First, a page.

My intuition is that it is because tabular data does not necessarily form a manifold.
There is some limited and indirect support in the literature for this hypothesis:
According to , the manifold hypothesis  states that all natural data lies in a lower-dimensional space (a manifold) which is embedded in the higher dimensional feature space and locally behaves like an Euclidean space. And deep learning models can learn these manifolds which is the reason why they actually work so well. However, the author does not explicitly define what "natural data" is but he provides some examples like human faces, MNIST digits, natural language and human voices. In line with that,  provides images as an example for natural data and  states that it has been shown that some image and video data, in fact, form a manifold. ( also provides examples of other, non-neural, manifold learning algorithms.)
In summary, I infer that these authors do not refer to tabular data when they speak about natural data. And, hence, neural nets might not work that well because tabular data does not form a manifold.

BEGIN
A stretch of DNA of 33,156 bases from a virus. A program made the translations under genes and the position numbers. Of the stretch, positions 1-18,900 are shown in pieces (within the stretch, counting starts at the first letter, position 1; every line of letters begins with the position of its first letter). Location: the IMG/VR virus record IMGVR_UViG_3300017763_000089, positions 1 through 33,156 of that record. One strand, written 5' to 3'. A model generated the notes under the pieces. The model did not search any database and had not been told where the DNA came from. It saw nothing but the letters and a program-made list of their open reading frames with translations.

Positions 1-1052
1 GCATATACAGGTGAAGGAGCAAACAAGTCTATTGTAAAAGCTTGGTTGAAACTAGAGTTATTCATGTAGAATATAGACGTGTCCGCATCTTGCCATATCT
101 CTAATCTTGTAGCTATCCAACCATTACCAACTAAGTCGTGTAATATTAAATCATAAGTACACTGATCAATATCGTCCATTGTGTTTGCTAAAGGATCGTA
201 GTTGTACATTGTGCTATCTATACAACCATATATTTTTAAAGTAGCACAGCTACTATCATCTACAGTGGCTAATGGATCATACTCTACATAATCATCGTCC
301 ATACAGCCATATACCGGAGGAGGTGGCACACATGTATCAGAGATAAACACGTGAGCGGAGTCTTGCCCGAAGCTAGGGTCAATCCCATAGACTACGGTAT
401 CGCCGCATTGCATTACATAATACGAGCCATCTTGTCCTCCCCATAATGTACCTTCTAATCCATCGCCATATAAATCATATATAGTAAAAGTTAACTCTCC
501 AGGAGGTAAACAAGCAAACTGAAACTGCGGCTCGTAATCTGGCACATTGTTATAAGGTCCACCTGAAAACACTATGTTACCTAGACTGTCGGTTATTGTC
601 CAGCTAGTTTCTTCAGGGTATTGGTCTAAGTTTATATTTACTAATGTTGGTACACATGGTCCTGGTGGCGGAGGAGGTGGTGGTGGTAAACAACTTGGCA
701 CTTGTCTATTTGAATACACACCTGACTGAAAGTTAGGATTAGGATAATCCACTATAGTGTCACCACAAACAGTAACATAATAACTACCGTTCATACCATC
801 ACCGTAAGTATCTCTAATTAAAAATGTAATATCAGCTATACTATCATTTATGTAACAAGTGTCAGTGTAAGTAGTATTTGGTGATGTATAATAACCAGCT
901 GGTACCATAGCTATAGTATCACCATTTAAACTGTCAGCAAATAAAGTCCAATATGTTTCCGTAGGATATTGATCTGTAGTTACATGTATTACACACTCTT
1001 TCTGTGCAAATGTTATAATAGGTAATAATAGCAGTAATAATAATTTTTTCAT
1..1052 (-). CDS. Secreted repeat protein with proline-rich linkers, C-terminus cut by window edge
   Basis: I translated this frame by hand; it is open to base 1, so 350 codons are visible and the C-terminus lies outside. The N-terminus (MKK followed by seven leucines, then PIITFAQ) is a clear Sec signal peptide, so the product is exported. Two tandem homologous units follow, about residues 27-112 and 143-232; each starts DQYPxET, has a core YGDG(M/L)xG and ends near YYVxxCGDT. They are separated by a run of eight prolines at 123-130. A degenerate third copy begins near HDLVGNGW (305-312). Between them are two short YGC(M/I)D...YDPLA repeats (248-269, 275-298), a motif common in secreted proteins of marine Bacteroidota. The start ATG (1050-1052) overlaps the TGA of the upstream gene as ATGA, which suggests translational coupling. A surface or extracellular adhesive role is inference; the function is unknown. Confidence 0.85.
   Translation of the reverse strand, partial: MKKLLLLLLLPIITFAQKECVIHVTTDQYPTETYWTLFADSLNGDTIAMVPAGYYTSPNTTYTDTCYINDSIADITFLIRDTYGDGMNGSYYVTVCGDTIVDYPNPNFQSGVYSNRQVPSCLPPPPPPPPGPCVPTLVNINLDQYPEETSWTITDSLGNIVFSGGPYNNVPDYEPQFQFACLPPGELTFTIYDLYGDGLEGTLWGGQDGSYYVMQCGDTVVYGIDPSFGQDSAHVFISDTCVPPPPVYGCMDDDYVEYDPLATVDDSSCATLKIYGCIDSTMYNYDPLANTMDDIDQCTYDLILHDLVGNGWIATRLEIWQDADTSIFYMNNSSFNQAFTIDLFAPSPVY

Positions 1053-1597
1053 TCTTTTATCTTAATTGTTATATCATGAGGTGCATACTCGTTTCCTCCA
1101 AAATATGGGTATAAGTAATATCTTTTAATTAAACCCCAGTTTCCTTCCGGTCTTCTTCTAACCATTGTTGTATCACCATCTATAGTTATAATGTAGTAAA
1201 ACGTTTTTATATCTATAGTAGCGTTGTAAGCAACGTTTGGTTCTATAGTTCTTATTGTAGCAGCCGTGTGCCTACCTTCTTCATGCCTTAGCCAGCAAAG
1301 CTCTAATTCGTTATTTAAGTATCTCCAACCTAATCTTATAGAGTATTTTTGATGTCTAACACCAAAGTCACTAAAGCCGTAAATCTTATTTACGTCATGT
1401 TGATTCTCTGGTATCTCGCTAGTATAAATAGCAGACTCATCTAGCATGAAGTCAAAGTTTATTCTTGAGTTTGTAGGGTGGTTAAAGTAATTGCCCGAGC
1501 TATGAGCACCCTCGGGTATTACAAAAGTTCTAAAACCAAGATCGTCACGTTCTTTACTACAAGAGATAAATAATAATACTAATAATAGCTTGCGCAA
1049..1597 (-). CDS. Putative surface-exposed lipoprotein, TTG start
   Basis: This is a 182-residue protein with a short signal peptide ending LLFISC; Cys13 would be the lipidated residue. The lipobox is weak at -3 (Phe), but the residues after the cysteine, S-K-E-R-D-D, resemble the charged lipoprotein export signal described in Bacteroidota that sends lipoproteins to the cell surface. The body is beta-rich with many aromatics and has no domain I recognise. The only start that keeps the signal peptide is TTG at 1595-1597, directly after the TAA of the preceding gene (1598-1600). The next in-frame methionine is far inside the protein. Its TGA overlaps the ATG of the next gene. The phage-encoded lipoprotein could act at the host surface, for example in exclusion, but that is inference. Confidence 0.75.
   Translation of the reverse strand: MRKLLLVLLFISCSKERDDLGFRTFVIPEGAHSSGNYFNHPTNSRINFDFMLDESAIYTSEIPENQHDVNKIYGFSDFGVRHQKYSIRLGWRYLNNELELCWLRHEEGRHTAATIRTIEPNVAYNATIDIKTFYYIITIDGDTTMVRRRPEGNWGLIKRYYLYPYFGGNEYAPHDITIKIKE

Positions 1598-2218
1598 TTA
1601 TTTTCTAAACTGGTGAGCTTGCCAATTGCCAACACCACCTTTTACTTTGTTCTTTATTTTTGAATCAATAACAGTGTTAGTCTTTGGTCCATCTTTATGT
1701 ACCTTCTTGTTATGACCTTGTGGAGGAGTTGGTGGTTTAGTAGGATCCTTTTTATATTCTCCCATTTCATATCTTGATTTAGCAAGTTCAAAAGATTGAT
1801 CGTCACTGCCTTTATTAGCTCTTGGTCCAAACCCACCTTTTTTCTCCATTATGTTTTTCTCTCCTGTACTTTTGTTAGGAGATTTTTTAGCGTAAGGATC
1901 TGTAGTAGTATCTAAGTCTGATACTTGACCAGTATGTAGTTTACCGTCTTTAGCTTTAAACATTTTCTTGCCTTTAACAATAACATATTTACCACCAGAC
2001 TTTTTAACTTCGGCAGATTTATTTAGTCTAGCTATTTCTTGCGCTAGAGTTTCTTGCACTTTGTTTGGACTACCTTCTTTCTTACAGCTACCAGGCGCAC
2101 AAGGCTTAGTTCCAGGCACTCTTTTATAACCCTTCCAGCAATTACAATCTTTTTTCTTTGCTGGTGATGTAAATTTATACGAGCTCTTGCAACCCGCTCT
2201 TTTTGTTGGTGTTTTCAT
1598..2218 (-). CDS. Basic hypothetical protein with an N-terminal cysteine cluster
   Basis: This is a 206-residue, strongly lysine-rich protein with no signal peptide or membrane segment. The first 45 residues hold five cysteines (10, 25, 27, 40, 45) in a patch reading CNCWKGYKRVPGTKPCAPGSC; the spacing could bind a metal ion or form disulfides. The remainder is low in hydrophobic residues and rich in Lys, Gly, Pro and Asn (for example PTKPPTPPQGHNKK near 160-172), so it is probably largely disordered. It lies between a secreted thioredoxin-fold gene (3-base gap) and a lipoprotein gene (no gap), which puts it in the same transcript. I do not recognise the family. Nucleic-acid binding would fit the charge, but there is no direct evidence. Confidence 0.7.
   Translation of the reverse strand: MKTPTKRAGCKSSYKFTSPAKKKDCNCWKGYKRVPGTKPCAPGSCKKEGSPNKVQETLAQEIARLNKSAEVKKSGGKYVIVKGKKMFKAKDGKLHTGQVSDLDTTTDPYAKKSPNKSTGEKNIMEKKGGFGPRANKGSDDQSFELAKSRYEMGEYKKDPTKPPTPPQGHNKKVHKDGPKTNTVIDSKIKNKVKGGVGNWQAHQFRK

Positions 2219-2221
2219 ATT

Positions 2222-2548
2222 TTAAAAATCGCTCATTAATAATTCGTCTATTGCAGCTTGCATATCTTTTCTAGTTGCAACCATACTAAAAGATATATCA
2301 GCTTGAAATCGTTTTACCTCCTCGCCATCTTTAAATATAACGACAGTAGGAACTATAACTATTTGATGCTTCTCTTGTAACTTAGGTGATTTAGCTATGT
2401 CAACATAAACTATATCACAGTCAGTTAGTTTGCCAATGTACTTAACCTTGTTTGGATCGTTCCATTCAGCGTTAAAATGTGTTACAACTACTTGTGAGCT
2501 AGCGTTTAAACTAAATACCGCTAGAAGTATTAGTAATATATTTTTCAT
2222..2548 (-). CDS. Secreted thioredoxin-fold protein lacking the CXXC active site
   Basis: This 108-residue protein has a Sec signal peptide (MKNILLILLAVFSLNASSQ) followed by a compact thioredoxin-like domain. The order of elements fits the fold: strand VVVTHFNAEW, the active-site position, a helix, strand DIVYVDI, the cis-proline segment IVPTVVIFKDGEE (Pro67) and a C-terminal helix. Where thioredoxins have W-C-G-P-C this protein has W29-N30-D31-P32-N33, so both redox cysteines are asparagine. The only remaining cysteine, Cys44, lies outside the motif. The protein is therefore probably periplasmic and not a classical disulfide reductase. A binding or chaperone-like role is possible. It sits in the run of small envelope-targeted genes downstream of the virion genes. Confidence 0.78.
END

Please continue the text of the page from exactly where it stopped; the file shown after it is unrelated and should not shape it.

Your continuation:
At least this is the case for the way we usually encode tabular data, i.e. it might be possible to present tabular data in way that does embed a manifold. But that is just speculation. (There are a few examples which go into this direction already: Some applications of CNNs operate on data visualizations/plots and another example are transformers which are able to learn arithmetic operations from natural language to a limited extend.)
Moreover,  raises the point that neural nets work well because the inductive biases of their architecture mirror the data (e.g. CNNs have a very special structures which works particularly well on image data). Again I am speculating, but maybe we will develop architectures going forward which provide inductive biases suitable for tabular data - or some special types of tabular data. But currently we do not have these which is another reason why neural nets lack performance on tabular data.
 Chollet, Francois; "Deep Learning with Python"; Second Edition 2nd Edition; 2021
 Cayton, Lawrence; "Algorithms for manifold learning"; 2005; https://www.lcayton.com/resexam.pdf